In the race, the No. 91 led early with usual co-drivers Dominik Farnbacher and Kuno Wittmer, joined this week by IndyCar's Ryan Hunter-Reay. That car finished a respectable eighth, while the No. 93 fought through shifting issues and retired late in the race, not providing the result Goossens, Tommy Kendall or Jonathan Bomarito had hoped for. In any event, there was a good chance this race marked the first sign of a return to prominence for the Riley-built “Snakes” in the full season of 2013.
TWO OTHERS OF NOTE – Two Americans I really wanted to keep an eye on this week were Sean Johnston, the IMSA GT3 Challenge Platinum Cup champion in his ALMS debut for JDX Racing, and Jonathan Summerton, the former Formula Atlantic star who had a double run in the two BMW Team RLL M3s.
Johnston, who's gone from sim racing to GT3 in 18 months, led his first stint in the car during the race before a left-rear tire blowout on the backstraight. He did an incredible job to hang onto it and bring it back to the pits in one piece. He recapped the event and the experience, not only in ALMS but also in two GT3 races.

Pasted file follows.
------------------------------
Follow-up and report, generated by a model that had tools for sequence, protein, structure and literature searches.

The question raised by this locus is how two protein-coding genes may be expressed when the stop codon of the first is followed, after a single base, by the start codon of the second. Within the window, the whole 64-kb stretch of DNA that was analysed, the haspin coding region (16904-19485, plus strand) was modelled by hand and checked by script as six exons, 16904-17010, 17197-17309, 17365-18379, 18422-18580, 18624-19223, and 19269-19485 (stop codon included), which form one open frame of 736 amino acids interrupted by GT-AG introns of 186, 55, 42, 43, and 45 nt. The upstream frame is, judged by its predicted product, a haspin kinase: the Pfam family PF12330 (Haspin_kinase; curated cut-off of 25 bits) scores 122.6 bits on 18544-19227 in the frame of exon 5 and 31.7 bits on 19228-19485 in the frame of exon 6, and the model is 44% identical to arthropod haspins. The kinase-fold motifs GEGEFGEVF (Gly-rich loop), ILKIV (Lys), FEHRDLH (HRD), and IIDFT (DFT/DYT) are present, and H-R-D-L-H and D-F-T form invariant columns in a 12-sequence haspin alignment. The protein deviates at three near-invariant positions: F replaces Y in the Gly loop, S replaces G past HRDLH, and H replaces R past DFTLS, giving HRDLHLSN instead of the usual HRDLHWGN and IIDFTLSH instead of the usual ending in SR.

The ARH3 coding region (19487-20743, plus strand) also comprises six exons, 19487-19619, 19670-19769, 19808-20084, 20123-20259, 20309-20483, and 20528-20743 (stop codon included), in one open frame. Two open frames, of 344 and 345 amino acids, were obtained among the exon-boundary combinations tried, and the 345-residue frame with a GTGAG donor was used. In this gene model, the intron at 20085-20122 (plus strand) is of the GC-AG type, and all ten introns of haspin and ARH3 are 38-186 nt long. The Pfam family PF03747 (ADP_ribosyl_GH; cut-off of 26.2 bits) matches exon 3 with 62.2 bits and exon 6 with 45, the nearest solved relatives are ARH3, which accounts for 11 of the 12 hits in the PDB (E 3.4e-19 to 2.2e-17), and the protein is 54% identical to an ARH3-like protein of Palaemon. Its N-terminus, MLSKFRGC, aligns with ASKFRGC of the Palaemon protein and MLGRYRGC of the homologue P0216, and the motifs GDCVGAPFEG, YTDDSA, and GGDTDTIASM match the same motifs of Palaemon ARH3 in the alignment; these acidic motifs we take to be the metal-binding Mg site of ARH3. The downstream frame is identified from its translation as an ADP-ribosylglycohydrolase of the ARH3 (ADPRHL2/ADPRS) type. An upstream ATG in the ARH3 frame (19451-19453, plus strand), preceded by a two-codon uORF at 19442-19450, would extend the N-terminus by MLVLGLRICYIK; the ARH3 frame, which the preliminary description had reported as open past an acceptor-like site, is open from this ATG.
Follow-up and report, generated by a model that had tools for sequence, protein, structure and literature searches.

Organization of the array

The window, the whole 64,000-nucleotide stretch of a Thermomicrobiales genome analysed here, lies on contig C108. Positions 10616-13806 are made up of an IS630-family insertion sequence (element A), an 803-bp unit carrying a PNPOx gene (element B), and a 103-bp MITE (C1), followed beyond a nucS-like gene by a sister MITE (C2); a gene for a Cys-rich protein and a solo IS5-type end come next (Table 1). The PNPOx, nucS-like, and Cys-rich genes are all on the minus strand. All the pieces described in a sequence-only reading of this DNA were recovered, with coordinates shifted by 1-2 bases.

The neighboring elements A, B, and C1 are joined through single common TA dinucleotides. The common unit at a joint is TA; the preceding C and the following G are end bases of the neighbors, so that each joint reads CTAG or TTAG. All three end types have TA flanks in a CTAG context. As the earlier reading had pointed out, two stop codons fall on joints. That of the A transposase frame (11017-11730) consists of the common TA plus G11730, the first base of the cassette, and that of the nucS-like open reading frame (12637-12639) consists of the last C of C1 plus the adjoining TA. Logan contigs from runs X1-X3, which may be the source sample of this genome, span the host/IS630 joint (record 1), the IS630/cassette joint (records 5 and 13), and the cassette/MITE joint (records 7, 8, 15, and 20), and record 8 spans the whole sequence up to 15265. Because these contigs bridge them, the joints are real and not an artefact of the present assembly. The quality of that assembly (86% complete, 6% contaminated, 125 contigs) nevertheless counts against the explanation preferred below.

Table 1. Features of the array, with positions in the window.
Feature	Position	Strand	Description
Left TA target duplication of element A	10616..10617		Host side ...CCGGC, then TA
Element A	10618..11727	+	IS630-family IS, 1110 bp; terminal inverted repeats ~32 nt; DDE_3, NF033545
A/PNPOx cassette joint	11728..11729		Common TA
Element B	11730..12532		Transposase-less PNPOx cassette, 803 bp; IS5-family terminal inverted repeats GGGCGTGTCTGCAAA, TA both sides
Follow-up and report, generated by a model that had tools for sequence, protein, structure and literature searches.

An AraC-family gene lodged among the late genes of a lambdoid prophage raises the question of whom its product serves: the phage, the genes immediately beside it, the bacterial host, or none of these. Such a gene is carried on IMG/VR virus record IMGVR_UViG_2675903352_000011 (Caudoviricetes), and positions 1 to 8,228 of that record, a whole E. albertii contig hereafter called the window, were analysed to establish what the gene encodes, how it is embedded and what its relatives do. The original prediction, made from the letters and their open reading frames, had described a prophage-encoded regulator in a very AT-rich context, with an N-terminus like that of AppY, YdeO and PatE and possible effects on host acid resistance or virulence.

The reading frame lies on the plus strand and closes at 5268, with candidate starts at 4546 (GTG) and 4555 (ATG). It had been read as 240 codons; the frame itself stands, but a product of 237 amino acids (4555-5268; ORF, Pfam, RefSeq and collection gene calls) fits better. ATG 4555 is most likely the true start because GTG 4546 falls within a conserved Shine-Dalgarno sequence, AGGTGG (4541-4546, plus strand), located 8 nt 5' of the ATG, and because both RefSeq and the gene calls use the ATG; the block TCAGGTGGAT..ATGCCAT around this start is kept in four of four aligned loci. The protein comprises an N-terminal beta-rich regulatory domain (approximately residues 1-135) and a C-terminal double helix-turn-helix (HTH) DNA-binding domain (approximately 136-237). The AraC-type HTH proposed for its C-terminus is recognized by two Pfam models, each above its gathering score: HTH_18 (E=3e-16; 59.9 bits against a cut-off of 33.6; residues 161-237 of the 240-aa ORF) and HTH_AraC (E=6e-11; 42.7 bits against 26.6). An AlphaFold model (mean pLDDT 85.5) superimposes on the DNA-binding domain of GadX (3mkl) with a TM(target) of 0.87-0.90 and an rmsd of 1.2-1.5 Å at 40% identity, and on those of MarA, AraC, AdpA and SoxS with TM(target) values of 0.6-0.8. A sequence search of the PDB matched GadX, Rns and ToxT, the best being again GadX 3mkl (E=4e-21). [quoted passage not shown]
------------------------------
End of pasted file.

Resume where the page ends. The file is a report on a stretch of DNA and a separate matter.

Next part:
“The first stint was phenomenal; the second ran the gamut of different scenarios,” he explained. “I had had small contact with a PC car in Turn 3, and that cut the right front. The guys got me back out but later I had the throttle stick open in Turn 12! The car skated off but I was able to keep it off the wall. We broke the front splitter and lost a lap. I returned in a full-course yellow, and only a few laps later was when the left rear went down. It was a lot more excitement than I was looking for!”
Meanwhile, Summerton's cars finished third and fourth in GT but it never seemed the BMWs had the same pace as the leading Ferraris and Corvettes. Still, having the opportunity to race both was an incredible experience for the 24-year-old Floridian.
“I was honored to have the opportunity,” he said. “And throughout, the lineup changed on the fly! Basically, I rolled from one car into the other. I was between both cars, and I was about to get thrown from the 55 to the 56, but I couldn't because I was close to exceeding the four in six hours max drive time.”